(HealthDay News) — More than one-third of total knee arthroplasty (TKA) surgeries may be inappropriate, according to a study published online June 29 in Arthritis & Rheumatology.

Daniel L. Riddle, PT, PhD, from Virginia Commonwealth University in Richmond, and colleagues examined the prevalence rates of TKA surgeries that were classified as appropriate, inconclusive, or inappropriate using a modified version of validated appropriateness criteria. The criteria were adopted for use on individuals undergoing TKA that were included in the Osteoarthritis Initiative dataset. Preoperative data including Western Ontario and McMaster Universities osteoarthritis pain and physical function scores, radiographic and knee motion and laxity measures, and age were examined for 205 individuals with TKA.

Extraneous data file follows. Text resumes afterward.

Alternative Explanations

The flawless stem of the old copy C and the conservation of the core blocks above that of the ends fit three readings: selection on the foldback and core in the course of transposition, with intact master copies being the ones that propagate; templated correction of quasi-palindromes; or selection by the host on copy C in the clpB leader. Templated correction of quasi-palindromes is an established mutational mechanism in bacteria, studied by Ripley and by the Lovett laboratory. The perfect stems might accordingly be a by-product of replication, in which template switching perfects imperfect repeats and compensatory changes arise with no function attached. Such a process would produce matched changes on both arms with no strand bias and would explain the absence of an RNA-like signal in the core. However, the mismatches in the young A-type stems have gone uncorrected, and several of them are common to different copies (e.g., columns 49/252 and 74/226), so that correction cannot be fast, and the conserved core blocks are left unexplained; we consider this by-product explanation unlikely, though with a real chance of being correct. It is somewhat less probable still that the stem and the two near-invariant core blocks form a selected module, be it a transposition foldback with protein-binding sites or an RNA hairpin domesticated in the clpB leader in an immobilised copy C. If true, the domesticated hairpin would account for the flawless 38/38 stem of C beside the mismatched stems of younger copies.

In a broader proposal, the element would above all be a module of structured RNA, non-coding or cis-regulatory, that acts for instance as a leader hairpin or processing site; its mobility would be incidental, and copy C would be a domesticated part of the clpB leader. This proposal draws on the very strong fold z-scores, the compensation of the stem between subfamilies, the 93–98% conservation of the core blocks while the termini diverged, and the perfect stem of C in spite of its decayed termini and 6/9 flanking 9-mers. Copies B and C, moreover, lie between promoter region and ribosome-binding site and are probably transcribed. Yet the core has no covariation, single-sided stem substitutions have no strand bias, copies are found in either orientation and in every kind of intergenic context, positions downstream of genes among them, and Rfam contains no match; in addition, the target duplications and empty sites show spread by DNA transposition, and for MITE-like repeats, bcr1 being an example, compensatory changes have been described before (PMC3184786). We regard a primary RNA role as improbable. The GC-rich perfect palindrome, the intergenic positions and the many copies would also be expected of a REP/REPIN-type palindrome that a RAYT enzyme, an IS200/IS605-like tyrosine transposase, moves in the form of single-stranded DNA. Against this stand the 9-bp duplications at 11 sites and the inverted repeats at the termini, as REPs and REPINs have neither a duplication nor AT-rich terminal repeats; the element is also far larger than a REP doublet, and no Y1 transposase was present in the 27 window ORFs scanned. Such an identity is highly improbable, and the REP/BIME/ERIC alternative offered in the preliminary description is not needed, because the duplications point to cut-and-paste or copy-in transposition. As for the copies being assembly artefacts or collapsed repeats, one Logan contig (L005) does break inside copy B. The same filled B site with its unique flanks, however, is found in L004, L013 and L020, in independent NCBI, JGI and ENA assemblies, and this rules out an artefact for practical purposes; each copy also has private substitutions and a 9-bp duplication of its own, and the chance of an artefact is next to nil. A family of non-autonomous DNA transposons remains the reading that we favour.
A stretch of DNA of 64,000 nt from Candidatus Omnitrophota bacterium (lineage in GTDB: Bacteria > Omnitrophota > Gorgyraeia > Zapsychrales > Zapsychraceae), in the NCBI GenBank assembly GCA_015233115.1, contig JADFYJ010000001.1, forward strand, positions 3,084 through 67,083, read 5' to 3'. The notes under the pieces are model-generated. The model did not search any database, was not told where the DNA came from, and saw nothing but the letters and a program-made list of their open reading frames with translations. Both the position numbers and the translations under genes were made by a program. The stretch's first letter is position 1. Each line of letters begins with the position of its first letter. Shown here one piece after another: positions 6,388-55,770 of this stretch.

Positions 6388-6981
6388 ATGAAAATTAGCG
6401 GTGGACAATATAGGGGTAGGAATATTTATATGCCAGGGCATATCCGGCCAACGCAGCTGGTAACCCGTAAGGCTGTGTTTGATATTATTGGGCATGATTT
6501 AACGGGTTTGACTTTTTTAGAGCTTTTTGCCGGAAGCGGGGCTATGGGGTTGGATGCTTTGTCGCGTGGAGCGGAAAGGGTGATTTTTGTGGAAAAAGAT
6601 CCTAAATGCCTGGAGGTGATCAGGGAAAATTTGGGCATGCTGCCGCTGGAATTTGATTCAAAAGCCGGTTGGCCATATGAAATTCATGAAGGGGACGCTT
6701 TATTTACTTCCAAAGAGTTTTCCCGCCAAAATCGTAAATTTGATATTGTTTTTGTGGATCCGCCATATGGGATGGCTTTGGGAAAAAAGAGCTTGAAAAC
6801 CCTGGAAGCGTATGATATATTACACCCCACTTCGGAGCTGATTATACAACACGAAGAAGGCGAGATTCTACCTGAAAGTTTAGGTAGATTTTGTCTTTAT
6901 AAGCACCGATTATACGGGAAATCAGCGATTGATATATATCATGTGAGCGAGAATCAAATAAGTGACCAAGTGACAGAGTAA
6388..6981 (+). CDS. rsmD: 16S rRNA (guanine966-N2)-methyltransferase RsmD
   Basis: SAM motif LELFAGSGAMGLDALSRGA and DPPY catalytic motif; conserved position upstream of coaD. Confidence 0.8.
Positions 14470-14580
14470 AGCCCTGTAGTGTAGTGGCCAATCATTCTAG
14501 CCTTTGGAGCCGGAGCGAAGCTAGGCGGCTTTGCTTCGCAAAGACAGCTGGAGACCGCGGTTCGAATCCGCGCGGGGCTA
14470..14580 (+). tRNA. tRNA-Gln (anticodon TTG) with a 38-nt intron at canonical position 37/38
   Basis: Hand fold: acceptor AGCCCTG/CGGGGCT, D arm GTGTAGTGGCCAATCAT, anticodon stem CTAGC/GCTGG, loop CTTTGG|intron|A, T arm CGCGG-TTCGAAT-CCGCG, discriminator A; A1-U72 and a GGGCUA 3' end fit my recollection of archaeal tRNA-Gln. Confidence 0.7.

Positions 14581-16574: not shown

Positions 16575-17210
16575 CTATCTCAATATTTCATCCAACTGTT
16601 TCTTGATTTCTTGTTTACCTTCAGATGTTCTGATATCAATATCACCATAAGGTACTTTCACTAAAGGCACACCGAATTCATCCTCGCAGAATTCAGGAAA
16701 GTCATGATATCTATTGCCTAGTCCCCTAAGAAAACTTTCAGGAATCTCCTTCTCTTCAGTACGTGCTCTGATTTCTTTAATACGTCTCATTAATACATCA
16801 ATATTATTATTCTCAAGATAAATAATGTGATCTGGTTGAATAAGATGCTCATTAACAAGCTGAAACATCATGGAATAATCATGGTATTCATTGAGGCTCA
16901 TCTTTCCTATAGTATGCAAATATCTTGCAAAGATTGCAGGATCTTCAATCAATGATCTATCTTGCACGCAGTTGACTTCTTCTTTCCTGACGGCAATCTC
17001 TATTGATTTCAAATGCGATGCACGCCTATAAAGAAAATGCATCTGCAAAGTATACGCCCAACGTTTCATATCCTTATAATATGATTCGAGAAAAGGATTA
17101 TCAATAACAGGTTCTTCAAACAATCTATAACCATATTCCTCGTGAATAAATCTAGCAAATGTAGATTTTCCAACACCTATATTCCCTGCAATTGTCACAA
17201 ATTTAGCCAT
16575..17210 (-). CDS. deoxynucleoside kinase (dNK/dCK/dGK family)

The researchers found that the prevalence rates of appropriate classifications, inconclusive classifications, and inappropriate classifications were 44.0, 21.7, and 34.3%, respectively.

“These data support the need for consensus development of criteria for patient selection among practitioners in the United States treating potential TKA candidates,” the authors write. “Among the important issues, consensus development needs to address variation in patient characteristics and the relative importance of preoperative status and subsequent outcome.”

The Osteoarthritis Initiative is partially funded by pharmaceutical companies.

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